FILE PHOTO: A police officer reviews the documents of people traveling in vehicles at the entrance to Lleida after the government of Catalonia imposed new restrictions to control a new outbreak of the coronavirus disease (COVID-19) in Lleida , Spain, July 4, 2020. REUTERS / Nacho Doce / File Photo
MADRID (Reuters) – The Galicia region of north-west Spain imposed restrictions on some 70,000 people on Sunday after an outbreak of COVID-19, a day after Catalonia also introduced a local blockade to curb the spread of the coronavirus .
People living in A Marina along the northern coast of Spain in the province of Lugo will not be able to leave the area from midnight on Sunday to Friday, two days before the regional elections in Galicia on July 12.
Prime Minister Pedro Sánchez, speaking at a local political rally in Bilbao on Sunday, urged people not to let their guard down, but called for calm since “the early detection of these outbreaks shows that the health system is much better prepared” than in March.
The regional government said that people will be allowed to move around A Marina, but only those who need to travel for work will be able to leave or enter the area.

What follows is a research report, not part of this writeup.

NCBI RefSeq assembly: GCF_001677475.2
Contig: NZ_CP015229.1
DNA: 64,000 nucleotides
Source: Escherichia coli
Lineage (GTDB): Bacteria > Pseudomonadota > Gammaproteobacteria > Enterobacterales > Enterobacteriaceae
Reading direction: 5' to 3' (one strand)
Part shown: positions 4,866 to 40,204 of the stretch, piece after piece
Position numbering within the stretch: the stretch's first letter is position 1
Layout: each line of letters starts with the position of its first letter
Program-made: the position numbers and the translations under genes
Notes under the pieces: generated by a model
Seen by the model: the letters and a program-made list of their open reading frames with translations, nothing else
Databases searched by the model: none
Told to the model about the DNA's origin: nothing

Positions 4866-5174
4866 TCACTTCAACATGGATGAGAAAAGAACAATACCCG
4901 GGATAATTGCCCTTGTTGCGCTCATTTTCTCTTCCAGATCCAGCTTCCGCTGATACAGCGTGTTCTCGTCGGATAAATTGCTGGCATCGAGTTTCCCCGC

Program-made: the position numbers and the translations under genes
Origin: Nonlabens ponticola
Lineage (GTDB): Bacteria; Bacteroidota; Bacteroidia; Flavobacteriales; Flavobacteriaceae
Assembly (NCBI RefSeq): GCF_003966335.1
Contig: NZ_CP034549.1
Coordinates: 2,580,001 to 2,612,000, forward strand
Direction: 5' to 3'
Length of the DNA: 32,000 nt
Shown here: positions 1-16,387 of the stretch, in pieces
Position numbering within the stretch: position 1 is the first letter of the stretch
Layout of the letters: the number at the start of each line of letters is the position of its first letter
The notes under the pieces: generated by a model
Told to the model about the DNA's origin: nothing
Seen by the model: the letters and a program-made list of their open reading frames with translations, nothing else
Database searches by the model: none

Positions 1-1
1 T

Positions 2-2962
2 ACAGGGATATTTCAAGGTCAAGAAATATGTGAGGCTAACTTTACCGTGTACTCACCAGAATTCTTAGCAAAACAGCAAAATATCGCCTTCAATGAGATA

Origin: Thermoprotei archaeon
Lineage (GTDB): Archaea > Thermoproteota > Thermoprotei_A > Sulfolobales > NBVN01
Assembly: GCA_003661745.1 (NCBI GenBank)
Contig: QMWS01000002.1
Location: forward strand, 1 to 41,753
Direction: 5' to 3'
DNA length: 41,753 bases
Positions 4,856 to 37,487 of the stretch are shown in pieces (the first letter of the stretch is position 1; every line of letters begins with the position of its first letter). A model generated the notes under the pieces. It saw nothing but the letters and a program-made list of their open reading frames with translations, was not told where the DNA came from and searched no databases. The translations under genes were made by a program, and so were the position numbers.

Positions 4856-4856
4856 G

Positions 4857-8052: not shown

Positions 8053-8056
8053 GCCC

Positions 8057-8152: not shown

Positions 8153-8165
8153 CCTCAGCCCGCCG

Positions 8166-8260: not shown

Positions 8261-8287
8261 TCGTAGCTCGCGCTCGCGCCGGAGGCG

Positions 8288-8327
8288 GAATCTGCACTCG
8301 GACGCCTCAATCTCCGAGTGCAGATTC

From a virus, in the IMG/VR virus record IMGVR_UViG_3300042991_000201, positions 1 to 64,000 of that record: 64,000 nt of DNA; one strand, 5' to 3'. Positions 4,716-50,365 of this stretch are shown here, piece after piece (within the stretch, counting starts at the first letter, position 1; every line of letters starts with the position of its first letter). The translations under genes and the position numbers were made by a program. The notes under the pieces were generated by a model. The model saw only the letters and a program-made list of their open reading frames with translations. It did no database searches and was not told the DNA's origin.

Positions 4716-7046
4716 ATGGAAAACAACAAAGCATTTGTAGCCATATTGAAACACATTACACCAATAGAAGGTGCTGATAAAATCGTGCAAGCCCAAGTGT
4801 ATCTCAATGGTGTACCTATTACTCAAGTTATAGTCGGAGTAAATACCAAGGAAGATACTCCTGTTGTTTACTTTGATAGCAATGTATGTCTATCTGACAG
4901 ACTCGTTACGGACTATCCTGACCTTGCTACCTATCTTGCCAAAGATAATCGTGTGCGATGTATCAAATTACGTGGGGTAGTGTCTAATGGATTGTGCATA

Regional Health Minister Jesús Vázquez Almuina said at a press conference on Sunday that the largest outbreaks were related to several bars in the area. Regional health authorities said there were now 258 cases in Galicia, of which 117 were in Lugo.
Capacity in bars and restaurants will be reduced to 50% and people will have to wear a face mask even if they are outdoors on beaches or pools, authorities said.
Spain’s Health Minister Salvador Illa said on Sunday that the ministry was closely following the situations in Galicia and Catalonia.
“Social distancing and blocking measures were the key to flattening the curve. Now they are needed again to stop the outbreaks, ”he said in a tweet.
Spain has registered 205,545 coronavirus cases and 28,385 deaths according to data from the Ministry of Health, making it one of the most affected countries in Europe.
Jessica Jones Report; Editing by David Clarke and Jan Harvey